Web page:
Director: Bruce McDonald
Writer: Pascal Trottier
Cast: Chloe Rose, Robert Patrick, Rossif Sutherland, Rachel Wilson, Peter DaCunha, Luke Bilyk
Part of: /slash Filmfestival
Seen on: 25.9.2015
[Reviews by cornholio and Maynard.]
Dora (Chloe Rose) is supposed to have a nice Halloween but when her doctor Henry (Rossif Sutherland) tells her that she is four weeks pregnant, Dora is unsurprisingly thrown. In a daze she prepares for a Halloween party with her boyfriend Jace (Luke Bilyk). But her night turns out even worse than expected when a group of strange trick-or-treating kids start terrorizing her in a very bloody way.
Hellions is a weird film, which is entertaining for a while but as it goes on, the lack of a coherent plot makes itself very much felt.
Parallels are easily drawn between Dora’s unwanted and unplanned pregnancy and the kids that invade her life, destroy her home and her relationship and keep demanding something from her. Dream images of monster babies round off the picture. While that symbolism might be a little too on the nose, it is at least clear and makes sense for the most time.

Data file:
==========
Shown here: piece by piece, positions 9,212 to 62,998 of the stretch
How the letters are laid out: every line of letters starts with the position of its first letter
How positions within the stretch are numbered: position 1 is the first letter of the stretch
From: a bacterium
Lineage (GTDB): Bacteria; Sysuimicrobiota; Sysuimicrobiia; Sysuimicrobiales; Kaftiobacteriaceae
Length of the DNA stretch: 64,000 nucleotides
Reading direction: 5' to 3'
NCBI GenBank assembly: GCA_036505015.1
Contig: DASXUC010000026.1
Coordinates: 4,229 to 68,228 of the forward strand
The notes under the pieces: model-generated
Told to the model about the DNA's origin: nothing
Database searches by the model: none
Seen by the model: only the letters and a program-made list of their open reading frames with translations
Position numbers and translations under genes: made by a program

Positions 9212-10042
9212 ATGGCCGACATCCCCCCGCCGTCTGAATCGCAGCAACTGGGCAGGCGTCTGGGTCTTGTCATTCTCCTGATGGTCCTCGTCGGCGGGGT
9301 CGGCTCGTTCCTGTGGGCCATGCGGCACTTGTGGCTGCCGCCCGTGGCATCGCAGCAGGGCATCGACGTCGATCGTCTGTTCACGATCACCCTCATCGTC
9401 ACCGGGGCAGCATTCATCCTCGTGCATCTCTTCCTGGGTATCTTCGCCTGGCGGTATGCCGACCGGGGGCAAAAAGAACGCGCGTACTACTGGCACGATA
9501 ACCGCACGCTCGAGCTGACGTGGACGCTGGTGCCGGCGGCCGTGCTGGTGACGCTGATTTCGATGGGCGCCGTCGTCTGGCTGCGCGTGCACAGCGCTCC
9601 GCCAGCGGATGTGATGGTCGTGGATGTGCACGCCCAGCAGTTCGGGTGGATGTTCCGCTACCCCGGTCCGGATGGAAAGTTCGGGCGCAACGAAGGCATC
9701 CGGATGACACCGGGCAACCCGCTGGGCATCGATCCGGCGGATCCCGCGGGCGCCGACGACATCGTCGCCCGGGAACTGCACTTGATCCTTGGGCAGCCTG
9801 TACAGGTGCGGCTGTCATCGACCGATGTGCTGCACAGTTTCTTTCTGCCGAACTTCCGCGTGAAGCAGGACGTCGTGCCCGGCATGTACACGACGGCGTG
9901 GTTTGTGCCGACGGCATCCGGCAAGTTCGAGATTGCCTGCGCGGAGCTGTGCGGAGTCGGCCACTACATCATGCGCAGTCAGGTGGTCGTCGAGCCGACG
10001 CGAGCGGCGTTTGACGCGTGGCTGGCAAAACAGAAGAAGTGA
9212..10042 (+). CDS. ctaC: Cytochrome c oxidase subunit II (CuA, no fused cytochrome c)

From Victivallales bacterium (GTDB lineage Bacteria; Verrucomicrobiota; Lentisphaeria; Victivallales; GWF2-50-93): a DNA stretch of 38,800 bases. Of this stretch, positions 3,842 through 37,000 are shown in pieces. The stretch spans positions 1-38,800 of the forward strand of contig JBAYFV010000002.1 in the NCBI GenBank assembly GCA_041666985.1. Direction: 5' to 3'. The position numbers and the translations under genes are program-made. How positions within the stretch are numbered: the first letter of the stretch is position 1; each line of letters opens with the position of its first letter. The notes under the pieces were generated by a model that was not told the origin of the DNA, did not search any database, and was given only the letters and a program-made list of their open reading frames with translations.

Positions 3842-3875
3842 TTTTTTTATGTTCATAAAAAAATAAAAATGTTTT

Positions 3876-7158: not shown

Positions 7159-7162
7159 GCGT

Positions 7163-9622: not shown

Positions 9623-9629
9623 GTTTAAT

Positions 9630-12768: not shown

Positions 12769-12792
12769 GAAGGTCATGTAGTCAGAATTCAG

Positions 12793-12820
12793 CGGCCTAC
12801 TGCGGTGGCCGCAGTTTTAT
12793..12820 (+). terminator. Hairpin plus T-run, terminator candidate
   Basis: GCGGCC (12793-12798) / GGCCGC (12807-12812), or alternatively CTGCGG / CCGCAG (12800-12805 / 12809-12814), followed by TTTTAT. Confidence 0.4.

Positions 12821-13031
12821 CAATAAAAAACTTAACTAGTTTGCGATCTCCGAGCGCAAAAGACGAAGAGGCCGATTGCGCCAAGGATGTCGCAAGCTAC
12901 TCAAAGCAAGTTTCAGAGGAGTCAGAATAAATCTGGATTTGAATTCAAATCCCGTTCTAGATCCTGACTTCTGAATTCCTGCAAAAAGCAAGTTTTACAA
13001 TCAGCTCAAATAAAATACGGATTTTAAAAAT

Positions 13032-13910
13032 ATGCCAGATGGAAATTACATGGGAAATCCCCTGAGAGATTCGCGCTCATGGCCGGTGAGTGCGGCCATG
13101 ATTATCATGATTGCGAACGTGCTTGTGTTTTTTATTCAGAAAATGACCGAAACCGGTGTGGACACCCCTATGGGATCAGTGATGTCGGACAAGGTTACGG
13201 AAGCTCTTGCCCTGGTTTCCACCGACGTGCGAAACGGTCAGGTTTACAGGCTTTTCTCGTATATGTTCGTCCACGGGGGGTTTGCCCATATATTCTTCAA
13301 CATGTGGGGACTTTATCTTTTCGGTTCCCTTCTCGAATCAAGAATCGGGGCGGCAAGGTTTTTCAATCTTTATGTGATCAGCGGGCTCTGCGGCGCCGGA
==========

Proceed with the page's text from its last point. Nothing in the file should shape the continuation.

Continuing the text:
Other things don’t: Dora spends most of the film dressed like an angel in a virginal white dress that is defiled by the children, giving the entire thing a Christian note that I didn’t particularly care for. And while the film isn’t judgmental of Dora’s pregnancy, it does end with [SPOILERS] Dora waking up in the hospital where she walks to the baby station with a serene smile and misty eyes, obviously suddenly longing for a child. Is it really so sad that she doesn’t have demon baby? [/SPOILERS] This reinforces the “all women want to be mothers all the time” message and has an anti-choice ring to it that doesn’t really fit with the rest of the film.
But the film did have its strong moments. The children’s costumes were great and really, really creepy, including the children’s choir that gave me goosebumps. And I liked the surreal color scheme and the scene with the stapler.
But the film, much like the color schmee become a little monotonous. There is only so much weirdness you can pack into a film without connecting it to a plot before things just get tiring. And that’s exactly what happened here. If they had focused a little more on plot and content, I probably would have loved it.